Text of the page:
"I don’t want to stop," said Mark Cavendish following a tearful interview after this year’s edition of Gent-Wevelgem. Having today rejoined Deceuninck – Quick-Step, it seems the 35-year-old Manxman has at least a few more races left ahead of him.
Cavendish had a one-year contract with Bahrain-McLaren but without any significant results, feared his career was ending in Belgium in October.
However, earlier today he somewhat cryptically announced his return to the Deceuninck – Quick-Step “Wolfpack” – the team he represented between 2013 and 2015, delivering 44 wins.
“I can’t explain how delighted I am to be joining Deceuninck – Quick-Step,” said Cavendish. “I have never hidden my affection for my time with the team and to me this genuinely feels like I am coming home.
“As well as the incredible group of riders, I can’t wait to start working again with the staff, most of which were here during my first spell and were part of one of the most successful periods of my career, an era that I am immensely proud of.
“Even with an extremely difficult and disrupted season this year, they have shown how strong and unified they are and I am hoping to add to even more. I can’t wait to be back in the Wolfpack.”
Team boss Patrick Lefevere commented: “Us and Mark share many beautiful memories and have a history that goes a long way back. During his three-year spell with the team, he didn’t just claim dozens of victories for the team, he showed amazing panache and what an incredibly dedicated team player he is.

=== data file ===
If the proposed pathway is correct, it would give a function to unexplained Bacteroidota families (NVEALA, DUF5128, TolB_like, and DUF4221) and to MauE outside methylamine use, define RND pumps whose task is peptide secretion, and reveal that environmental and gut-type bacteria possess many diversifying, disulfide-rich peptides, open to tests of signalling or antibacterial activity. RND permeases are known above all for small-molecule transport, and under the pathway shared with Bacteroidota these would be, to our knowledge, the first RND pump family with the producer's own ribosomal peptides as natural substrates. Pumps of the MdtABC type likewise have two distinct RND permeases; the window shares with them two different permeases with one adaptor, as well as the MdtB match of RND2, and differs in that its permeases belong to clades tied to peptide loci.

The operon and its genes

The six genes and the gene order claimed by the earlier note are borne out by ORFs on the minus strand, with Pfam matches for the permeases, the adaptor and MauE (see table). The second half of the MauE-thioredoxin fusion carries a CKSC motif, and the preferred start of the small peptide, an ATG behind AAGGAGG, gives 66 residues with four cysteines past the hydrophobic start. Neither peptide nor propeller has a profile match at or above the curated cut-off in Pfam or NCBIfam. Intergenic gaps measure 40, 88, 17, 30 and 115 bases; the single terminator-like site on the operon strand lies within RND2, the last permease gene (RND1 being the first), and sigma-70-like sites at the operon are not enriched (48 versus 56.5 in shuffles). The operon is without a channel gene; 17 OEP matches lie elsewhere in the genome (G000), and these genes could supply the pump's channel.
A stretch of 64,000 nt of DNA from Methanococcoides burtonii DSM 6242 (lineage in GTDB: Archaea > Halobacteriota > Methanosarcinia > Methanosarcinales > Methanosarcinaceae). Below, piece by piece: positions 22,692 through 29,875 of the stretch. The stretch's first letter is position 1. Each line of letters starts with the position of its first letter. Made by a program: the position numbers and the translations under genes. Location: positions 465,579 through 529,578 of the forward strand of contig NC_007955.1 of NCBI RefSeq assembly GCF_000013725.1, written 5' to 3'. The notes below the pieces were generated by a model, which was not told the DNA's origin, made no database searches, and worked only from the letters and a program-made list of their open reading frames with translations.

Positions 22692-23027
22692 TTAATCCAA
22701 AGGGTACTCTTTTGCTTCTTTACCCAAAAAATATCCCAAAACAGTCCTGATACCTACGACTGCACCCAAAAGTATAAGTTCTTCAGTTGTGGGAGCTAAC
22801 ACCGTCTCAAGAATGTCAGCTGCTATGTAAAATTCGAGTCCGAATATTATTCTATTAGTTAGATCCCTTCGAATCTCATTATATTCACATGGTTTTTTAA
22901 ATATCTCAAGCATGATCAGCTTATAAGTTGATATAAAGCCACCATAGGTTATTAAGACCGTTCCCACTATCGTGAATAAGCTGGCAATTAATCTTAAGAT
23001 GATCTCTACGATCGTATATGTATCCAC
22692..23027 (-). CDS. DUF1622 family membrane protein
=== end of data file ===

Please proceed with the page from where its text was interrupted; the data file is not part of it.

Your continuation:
“We are happy to have him return to our family, as he is a leader and brings across a wealth of experience that he can share with our young riders, but at the same time we are confident he still has something to give to the team.”
Quite what races Cavendish will end up riding in 2021 is up for debate. Deceuninck – Quick-Step secured the green jersey at this year’s Tour de France through Irishman Sam Bennett and there is great competition for leadership at most races.
Cavendish’s last victory came at the Dubai Tour in February 2018 and he has not been a prolific winner since 2016.
The sprinter was waylaid by Epstein-Barr virus for the majority of the following two seasons and has since revealed that he was diagnosed with depression as he struggled to overcome it.
His immediate racing ambitions may therefore be modest.
Explaining his tears at Scheldeprijs earlier this year, he had said: “I don’t have a desire to stop, I don’t want to stop … I love this sport, I give my life to this sport, and I’d like to continue riding my bike. That’s it, really.”
All the same, with track and road world championships and 30 stages of the Tour de France to his name, it is hard to imagine Cavendish doesn’t harbour hopes of more.
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